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Differentiation and dot product

  1. Nov 26, 2005 #1
    Can someone help me with the following question. I've been having trouble with problems of this kind for a while now.

    Q. If the path u(t) (u is a vector) is differentiable at least three times, simplify:

    [tex]
    \frac{d}{{dt}}\left[ {\left( {u' \times u''} \right) \bullet \left( {u' - u} \right)} \right]
    [/tex]

    I can't remember the properties of the dot product but I know that the dot product is an inner product. So I will start by using the distributivity of the inner product.

    [tex]\frac{d}{{dt}}\left[ {\left( {u' \times u''} \right) \bullet \left( {u' - u} \right)} \right][/tex]

    [tex]
    = \frac{d}{{dt}}\left[ {\left( {u' \times u''} \right) \bullet u' - \left( {u' \times u''} \right) \bullet u} \right]
    [/tex]

    It's not much but it's all I've got at the moment. The cross product will produce a single vector so there probably isn't much that I can do with it. Each of the two expressions inside the square bracket are scalars (scalar functions of t is probably the more accurate description) so I can probably continue as follows.

    [tex]
    = \frac{d}{{dt}}\left[ {\left( {u' \times u''} \right) \bullet u'} \right] - \frac{d}{{dt}}\left[ {\left( {u' \times u''} \right) \bullet u} \right]
    [/tex]

    Ok well I'm really stuck here. Does anyone have any suggestions? Thanks.
     
  2. jcsd
  3. Nov 26, 2005 #2

    HallsofIvy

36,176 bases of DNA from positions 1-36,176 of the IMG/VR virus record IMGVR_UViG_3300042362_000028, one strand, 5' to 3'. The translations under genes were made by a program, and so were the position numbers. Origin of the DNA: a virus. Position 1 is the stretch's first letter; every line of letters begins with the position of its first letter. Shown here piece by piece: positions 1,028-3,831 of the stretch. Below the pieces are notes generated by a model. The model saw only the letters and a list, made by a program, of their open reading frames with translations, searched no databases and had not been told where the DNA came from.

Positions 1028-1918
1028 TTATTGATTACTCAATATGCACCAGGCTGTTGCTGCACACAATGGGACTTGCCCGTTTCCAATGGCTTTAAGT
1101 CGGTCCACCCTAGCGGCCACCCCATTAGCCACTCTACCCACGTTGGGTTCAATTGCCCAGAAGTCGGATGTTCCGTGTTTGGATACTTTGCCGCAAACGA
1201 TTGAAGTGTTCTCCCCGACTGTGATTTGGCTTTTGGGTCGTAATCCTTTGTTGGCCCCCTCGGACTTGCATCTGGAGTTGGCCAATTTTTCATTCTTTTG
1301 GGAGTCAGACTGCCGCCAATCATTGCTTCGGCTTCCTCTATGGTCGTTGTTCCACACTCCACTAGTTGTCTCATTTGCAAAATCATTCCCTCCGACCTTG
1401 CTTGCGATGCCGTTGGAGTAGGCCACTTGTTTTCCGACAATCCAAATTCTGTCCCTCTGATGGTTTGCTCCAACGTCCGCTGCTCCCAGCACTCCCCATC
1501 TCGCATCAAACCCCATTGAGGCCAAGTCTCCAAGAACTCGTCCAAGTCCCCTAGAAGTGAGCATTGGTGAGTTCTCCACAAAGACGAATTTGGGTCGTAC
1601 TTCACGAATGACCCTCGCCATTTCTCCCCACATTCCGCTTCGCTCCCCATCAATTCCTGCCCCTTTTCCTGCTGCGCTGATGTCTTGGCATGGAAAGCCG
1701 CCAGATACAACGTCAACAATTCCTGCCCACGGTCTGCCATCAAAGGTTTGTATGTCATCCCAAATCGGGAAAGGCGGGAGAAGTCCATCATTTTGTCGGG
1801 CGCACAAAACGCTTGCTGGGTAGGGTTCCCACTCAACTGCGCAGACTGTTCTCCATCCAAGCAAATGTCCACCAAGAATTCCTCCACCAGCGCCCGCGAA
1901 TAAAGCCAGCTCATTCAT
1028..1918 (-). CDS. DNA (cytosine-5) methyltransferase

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    Science Advisor

    Why not just go ahead and do it?
    I wouldn't even bother to distribute it like you did. Just use the product rule:
    [tex]((u'Xu")\dot(u'- u))'= (u'Xu")'\dot(u'- u)+(u'Xu")\dot(u'- u)'[/tex]
    [tex]= (u"Xu"+ u'X u"')\dot(u'- u)+ (u'Xu")\dot(u"- u')[/tex]
     
    Last edited: Nov 27, 2005
  4. Nov 26, 2005 #3
    I can't see the Latex that you appear to have included in your reply. What I've got is the dot product of a cross product and the difference of two vectors. I don't see how the product rule can be used on the initial expression. Can you please explain further?

    Edit: On second thought. The expression might just be the normal product(like 3 * 5 = 15). In that case I'd be able to this question. However I'd like to know if there is anything that can be done if the product is in fact a dot product rather than just the normal multiplication.
     
    Last edited: Nov 26, 2005
  5. Nov 27, 2005 #4

    HallsofIvy

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    Science Advisor

    The usual "product rule" applies to dot product and cross product of vectors also: (u.v)'= u'.v+ u.v', (uxv)'= u'xv+ uxv'.

    Sorry the Latex didn't work. I'm not sure what's wrong.
     
  6. Nov 28, 2005 #5
    Ok thanks a lot for the help HallsofIvy.
     
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